Carlos Sainz was not wanting to hang around on Lap 1, making a brilliant move around team mate Lando Norris stick around the outside of Luffield for fifth, while Daniel Ricciardo – who had made it past the Racing Point of Lance Stroll – then followed the Spaniard through around Copse, demoting Norris from fifth to seventh by the end of Lap 1, as Sebastian Vettel behind ran off the track at the same corner while fighting the Renault of Esteban Ocon

    And how was Nico Hulkenberg coping with his F1 racing return? He wasn’t, quite simply, after an issue was discovered on his Racing Point RP20, meaning he couldn’t even take the start.

    Haas’ Kevin Magnussen hadn’t even completed one lap of the race, meanwhile, when he clanged into the Red Bull of Alex Albon at Club corner, with the Dane careening into the gravel and bringing out the Safety Car. Albon was able to continue, but vibrations on the tyre from the shunt forced him to pit after racing resumed on Lap 6 – while the stewards handed the Thai driver a five-second race time penalty for his part in the incident.

    Hamilton managed that restart to perfection, quickly building a 1.5s buffer over Bottas behind, with Verstappen holding third and easily gapping Leclerc, but unable to quite hold onto the coat-tails of the rampant Mercs. Ocon was keen to get up the order when the Safety Car pitted and tried a move on his pal Stroll into Stowe, with Stroll bravely pinching across the Frenchman’s line and holding onto his eighth place.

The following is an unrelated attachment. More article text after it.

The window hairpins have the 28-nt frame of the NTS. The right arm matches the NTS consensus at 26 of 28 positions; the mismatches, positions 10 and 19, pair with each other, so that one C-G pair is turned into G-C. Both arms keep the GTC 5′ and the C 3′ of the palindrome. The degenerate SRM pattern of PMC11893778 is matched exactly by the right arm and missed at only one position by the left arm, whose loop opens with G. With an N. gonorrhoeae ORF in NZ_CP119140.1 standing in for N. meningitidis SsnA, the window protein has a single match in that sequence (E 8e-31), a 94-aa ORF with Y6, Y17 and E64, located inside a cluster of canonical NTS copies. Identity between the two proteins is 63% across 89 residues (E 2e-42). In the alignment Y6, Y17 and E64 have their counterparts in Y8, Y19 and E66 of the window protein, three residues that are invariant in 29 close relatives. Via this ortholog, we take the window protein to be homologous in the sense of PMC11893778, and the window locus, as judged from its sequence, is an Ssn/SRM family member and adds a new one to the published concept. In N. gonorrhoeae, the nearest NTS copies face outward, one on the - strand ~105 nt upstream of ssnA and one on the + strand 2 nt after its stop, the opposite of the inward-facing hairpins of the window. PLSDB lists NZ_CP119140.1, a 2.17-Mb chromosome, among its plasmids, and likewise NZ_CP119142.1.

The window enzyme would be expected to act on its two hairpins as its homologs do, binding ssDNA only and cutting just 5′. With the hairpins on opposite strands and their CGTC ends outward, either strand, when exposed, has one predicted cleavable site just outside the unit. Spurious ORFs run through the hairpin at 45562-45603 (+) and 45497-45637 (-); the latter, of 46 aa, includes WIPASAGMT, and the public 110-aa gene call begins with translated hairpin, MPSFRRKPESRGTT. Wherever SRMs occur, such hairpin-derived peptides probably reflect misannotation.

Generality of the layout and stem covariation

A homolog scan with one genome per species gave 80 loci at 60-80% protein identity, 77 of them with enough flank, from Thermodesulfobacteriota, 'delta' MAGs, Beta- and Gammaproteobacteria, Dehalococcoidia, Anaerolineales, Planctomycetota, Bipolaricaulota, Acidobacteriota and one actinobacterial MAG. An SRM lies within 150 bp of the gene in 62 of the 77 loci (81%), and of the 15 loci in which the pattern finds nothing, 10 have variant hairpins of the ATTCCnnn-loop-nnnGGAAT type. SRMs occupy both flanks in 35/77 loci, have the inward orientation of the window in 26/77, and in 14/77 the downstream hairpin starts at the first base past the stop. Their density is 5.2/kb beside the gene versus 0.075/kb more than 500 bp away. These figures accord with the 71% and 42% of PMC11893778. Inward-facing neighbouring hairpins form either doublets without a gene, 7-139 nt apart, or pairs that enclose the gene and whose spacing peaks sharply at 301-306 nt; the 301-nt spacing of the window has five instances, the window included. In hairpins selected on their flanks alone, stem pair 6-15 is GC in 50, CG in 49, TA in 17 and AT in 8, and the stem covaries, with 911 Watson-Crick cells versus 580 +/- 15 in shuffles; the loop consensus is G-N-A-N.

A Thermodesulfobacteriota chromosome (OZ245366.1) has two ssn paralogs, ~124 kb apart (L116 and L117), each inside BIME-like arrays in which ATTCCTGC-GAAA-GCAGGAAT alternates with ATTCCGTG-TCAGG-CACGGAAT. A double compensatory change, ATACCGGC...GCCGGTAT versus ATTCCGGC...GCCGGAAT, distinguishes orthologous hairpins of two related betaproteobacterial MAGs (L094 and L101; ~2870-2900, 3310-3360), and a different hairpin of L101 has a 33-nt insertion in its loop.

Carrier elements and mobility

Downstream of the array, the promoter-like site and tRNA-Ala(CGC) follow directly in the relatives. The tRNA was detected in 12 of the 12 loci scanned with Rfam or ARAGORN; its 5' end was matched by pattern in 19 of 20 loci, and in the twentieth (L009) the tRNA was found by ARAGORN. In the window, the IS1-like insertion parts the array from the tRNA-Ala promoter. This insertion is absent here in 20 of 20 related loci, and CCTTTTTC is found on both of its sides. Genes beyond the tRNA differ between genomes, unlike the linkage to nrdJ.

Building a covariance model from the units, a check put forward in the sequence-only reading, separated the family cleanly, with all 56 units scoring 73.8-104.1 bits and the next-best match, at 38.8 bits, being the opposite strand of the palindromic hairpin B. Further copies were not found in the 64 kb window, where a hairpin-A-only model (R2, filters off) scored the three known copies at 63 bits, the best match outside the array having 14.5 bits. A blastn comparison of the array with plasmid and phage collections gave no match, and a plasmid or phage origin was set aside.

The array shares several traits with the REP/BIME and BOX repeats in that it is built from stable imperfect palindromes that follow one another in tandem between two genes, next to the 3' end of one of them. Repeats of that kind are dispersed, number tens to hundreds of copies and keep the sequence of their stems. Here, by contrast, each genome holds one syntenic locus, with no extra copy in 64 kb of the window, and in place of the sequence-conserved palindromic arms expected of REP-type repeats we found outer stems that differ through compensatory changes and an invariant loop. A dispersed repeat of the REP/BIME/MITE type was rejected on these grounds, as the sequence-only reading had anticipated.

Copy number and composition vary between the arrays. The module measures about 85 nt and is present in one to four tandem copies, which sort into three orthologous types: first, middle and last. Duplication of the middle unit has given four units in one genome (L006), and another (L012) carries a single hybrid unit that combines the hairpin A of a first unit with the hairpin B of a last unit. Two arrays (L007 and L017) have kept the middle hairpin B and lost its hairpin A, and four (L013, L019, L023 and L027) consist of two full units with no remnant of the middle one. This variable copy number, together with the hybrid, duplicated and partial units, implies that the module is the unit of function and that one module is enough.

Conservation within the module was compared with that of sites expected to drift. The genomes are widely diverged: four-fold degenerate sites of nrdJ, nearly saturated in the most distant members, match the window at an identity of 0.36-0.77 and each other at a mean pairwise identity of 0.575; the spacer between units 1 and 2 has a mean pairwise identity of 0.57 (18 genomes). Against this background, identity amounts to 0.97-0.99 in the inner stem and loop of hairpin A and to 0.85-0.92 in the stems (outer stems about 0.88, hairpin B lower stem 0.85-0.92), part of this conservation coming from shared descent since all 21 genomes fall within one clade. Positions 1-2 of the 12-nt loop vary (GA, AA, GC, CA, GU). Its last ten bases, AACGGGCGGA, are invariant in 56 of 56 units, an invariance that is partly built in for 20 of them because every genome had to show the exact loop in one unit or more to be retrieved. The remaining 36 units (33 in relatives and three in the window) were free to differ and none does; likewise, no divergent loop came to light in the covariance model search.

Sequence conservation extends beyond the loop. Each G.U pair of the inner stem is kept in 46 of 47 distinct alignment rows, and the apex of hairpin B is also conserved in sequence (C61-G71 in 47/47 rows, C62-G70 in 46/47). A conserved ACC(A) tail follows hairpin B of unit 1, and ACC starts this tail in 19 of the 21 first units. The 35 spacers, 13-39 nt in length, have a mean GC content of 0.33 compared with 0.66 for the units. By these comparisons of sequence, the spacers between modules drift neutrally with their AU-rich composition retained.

The race had been under green flag conditions for just half a dozen laps when the Safety Car was called out again, with Daniil Kvyat having endured a scary moment at the entry to Maggots, spinning wildly into the barriers and ripping the left-rear corner off his AlphaTauri – Kvyat fortunately emerging from the car under his own steam before angrily pushing a cameraman away.

    The Safety Car allowed the whole field to pit for hard tyres over the course of Laps 13 and 14, barring Haas’ Romain Grosjean, with the American team rolling the dice as they did in Hungary, and meaning that when the racing got under way again on Lap 19, the French driver was P5, albeit on old medium tyres. Ocon was 11th, meanwhile, having dropped there from ninth after being held up in the pits behind team mate Ricciardo.